Matt Hancock yesterday told ITV's This Morning show that it's unlikely "big, lavish international holidays" are going to be possible this summer. Whilst this comment in itself raises both questions as well as eyebrows - (what if I have small, modest international holiday instead, I hear you say) - it's another example of seemingly "off the cuff" remarks made by MP's which are hugely damaging to an industry which has been one of the worst hit by this crisis. It follows Grant Shapps' comment last month that he wouldn't be booking a summer holiday. Such comments dent customer confidence and hopes of a summer recovery for the industry - and discourage customers from making balance payments for holidays due to depart in July/August/September. 

Holiday companies are dealing with cancellations on a 3/4 week rolling basis - a process which has been endorsed by BEIS in its recent guidance, which states that travel companies should deal with the most imminent travel plans first because the situation changes daily. Most travel companies are currently cancelling holidays up to the middle of June. 

As such, most companies are still collecting balance payments for holidays due to depart after June. This has proved somewhat controversial, especially since most travel companies have terms and conditions which state that a failure to pay the balance will result in cancellation of the booking and retention of the deposit payment. 

The BEIS guidance states that companies should not seek payment for a service they know they’ll be unable to provide. However where there’s a reasonable expectation that travel plans will happen, then customers should continue to make payments towards it. Although there is currently an FCO advisory against non-essential international travel "indefinitely" - it could be lifted at any point without notice. Furthermore, the government has talked about bringing in a 14-day quarantine period for people arriving from overseas - although we don't know exactly who it will apply to, and French arrivals are already exempt. It could be that further exemptions are negotiated as time passes. As such, you could argue that there's a reasonable expectation that holidays will happen later in the summer. It should also be noted that balance payments made by customers will be financially protected if the travel company failed, and if the holiday can't be provided - the customer is entitled to a refund. That said, companies are encouraged to be pragmatic - and some travel companies are extending balance due dates to appease worried customers.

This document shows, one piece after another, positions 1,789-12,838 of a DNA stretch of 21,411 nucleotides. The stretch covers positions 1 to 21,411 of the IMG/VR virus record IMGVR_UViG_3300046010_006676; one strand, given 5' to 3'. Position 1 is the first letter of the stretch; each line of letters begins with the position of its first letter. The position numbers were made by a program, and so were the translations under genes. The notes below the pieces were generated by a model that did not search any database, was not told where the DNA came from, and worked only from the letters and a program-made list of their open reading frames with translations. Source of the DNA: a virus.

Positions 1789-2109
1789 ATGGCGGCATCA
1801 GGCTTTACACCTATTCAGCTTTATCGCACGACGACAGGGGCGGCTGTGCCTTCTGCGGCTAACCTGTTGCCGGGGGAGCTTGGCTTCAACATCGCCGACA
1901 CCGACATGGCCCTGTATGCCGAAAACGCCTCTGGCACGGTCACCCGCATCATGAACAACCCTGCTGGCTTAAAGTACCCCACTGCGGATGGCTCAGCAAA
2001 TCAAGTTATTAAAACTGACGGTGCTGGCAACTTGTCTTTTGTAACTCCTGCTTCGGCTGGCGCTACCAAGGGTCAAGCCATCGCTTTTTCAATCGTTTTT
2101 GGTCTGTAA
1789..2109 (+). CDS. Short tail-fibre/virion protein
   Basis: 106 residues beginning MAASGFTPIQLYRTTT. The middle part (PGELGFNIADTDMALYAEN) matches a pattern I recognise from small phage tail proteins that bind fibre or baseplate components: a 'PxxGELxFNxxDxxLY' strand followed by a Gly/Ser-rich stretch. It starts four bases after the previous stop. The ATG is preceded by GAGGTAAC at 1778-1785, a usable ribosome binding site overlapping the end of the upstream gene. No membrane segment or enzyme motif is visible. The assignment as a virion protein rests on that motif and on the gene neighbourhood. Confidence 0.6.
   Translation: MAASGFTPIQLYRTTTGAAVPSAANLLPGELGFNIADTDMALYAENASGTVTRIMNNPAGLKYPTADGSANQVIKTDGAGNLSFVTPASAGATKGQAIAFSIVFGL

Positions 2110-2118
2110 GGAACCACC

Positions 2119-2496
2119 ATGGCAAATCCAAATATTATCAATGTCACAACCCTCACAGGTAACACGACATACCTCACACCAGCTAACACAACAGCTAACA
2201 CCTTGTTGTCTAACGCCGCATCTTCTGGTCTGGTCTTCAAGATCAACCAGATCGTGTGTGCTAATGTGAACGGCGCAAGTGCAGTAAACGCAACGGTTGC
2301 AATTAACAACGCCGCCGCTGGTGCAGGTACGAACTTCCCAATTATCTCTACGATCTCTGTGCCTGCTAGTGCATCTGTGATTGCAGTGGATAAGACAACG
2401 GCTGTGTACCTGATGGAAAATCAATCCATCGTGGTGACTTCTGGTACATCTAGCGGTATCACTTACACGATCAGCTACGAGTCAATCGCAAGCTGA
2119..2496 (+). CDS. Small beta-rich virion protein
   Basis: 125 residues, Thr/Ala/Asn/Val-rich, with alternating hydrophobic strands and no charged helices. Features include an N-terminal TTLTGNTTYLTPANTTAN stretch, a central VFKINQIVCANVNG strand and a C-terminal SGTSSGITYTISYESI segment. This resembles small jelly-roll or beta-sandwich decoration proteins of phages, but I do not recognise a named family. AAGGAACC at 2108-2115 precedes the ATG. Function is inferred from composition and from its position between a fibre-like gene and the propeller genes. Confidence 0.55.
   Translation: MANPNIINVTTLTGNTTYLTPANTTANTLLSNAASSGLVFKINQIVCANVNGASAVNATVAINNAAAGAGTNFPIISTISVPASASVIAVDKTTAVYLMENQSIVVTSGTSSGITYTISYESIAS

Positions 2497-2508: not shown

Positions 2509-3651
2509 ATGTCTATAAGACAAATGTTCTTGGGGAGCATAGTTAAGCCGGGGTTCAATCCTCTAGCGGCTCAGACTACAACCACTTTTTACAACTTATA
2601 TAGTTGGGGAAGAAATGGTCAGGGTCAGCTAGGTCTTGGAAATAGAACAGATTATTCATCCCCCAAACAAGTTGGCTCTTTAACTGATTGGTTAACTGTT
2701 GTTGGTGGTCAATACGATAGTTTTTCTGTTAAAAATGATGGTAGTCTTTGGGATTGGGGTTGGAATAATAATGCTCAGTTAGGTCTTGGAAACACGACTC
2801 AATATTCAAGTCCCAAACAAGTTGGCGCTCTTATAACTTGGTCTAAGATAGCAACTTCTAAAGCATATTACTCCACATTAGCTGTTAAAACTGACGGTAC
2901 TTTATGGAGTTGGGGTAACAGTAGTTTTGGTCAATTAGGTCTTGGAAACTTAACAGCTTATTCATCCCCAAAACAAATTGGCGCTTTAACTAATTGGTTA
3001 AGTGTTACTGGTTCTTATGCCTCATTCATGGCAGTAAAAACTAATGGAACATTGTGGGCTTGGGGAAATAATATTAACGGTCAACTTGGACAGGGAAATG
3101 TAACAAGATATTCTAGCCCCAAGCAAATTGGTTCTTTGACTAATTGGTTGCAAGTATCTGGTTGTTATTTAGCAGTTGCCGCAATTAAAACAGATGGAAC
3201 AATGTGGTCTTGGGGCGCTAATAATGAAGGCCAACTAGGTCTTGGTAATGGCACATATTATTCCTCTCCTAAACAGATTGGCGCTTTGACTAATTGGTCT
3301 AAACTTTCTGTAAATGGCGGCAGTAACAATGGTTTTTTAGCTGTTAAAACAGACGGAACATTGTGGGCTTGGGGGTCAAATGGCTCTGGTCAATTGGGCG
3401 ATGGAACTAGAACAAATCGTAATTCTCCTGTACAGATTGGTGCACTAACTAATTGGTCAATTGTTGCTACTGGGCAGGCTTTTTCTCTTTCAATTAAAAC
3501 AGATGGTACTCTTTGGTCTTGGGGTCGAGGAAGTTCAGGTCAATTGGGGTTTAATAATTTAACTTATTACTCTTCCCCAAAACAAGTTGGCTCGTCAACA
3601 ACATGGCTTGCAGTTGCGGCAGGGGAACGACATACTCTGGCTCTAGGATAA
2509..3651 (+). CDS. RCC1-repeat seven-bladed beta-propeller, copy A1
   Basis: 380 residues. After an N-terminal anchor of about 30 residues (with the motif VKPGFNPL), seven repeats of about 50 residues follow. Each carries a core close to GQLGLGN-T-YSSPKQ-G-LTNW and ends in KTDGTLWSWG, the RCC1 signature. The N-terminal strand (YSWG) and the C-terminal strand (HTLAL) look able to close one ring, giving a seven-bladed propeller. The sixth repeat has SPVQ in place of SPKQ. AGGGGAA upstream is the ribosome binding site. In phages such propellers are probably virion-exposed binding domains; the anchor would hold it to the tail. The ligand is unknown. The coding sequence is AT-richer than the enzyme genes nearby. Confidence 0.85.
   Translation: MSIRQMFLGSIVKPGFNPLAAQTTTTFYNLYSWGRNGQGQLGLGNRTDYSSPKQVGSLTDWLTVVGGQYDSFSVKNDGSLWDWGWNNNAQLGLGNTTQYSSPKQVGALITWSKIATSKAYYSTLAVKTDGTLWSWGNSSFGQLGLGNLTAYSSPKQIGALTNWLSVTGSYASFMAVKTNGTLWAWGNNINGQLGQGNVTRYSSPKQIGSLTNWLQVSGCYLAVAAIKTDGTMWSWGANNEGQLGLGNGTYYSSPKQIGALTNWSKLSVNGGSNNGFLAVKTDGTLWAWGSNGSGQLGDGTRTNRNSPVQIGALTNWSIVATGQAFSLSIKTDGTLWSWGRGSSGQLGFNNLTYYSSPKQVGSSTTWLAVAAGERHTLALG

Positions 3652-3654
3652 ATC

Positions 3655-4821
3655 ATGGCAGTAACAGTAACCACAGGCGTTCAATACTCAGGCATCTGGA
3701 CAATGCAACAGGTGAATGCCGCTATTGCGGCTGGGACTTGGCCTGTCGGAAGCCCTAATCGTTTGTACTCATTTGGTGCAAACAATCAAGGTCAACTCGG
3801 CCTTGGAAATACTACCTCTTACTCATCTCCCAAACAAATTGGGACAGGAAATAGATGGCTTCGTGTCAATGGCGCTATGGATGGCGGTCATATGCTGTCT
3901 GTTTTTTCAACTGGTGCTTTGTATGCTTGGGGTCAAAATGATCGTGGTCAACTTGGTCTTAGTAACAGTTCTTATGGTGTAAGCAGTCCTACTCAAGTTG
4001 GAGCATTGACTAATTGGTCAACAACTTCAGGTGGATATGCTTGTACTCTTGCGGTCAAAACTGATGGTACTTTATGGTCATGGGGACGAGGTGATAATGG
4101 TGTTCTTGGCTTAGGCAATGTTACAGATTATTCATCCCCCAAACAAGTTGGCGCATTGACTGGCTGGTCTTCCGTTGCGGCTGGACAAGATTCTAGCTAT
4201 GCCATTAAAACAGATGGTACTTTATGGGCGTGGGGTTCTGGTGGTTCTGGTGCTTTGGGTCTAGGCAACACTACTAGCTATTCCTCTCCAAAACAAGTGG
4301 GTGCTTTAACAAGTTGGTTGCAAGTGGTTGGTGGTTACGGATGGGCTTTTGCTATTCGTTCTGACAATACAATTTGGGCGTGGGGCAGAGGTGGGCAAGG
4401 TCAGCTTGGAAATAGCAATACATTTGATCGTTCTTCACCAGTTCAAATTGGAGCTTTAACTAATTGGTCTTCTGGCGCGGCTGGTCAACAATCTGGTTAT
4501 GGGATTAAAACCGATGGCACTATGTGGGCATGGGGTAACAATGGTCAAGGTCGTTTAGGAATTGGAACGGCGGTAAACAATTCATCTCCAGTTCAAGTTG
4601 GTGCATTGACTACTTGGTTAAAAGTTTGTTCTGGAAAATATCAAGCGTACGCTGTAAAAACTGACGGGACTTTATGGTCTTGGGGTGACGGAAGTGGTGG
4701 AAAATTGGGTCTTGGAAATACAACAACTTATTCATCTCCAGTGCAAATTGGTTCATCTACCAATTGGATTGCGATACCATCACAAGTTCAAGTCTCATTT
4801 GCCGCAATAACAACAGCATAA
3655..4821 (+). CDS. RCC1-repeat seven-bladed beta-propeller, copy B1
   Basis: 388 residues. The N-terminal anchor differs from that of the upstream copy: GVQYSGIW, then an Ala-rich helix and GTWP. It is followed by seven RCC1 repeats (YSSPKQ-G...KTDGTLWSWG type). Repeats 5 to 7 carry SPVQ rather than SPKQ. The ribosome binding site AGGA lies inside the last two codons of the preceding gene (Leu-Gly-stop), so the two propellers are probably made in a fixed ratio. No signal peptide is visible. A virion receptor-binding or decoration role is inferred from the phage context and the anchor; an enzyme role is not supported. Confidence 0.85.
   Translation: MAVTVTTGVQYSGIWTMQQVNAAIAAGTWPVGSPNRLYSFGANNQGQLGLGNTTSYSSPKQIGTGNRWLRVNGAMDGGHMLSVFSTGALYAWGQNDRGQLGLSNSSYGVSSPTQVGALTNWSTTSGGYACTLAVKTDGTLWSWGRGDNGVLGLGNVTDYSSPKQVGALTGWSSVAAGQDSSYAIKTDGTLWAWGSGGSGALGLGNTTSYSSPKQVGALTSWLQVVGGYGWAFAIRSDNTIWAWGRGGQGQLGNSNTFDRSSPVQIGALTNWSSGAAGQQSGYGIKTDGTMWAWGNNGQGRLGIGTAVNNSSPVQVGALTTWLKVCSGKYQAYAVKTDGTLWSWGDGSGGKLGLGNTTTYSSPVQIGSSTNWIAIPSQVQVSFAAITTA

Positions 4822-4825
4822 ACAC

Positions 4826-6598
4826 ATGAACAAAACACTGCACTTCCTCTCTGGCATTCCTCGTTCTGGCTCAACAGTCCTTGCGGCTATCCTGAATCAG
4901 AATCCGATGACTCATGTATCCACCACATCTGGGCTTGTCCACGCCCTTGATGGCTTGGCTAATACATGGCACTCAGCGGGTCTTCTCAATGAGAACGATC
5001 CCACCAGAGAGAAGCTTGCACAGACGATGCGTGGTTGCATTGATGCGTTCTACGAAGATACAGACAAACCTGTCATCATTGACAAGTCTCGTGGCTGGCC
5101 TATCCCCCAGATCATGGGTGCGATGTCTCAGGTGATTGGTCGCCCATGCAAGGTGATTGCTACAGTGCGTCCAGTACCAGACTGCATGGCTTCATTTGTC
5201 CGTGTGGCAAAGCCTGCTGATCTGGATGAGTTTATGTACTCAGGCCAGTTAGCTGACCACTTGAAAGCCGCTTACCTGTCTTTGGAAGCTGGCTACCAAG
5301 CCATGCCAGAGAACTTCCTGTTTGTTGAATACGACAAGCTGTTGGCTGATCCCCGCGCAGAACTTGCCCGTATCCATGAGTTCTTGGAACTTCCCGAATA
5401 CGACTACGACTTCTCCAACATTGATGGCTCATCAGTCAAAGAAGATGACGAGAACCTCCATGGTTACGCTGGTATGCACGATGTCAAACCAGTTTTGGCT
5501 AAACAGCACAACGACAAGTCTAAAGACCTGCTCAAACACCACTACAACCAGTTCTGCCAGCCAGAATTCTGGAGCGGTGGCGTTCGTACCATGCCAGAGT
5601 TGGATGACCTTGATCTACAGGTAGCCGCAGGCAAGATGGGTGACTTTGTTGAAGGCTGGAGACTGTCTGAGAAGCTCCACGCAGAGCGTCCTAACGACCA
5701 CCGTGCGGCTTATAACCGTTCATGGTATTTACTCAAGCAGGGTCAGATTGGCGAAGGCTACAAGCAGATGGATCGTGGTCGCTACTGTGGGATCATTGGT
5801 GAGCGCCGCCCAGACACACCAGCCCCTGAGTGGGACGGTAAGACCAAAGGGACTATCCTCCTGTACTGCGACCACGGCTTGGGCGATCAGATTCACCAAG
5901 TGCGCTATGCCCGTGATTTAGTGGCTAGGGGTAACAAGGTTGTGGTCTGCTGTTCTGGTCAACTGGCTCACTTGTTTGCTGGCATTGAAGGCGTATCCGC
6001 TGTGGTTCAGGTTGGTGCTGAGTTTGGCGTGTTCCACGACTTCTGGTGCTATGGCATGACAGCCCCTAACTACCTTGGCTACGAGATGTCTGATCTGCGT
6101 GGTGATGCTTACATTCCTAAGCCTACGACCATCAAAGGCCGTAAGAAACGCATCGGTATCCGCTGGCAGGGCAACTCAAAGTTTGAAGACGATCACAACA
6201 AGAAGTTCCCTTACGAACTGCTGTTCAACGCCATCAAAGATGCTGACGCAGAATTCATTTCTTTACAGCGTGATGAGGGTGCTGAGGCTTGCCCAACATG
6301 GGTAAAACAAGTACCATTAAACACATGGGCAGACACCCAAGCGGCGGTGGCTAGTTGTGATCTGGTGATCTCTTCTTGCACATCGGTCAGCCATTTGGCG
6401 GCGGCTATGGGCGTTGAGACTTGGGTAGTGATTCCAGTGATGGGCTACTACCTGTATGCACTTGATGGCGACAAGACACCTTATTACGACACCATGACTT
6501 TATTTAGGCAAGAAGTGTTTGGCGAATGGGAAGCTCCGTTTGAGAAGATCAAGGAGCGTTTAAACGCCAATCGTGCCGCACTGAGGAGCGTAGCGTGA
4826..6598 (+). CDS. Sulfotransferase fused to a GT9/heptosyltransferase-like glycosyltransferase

The BEIS guidance also confirms that credit notes will be financially protected. However, it stresses that refunds should still be offered - credit notes are an alternative to refunds only where they are acceptable to customers. Practically speaking however, that's what Refund Credit Notes are for - to bridge the gap where a travel company is unable to refund a customer within the stipulated 14 days - essentially a promise of a refund which should be paid to customers within a reasonable period of time. Customers have the reassurance that those Refund Credit Notes are financially protected should the worst happen and the travel company fails.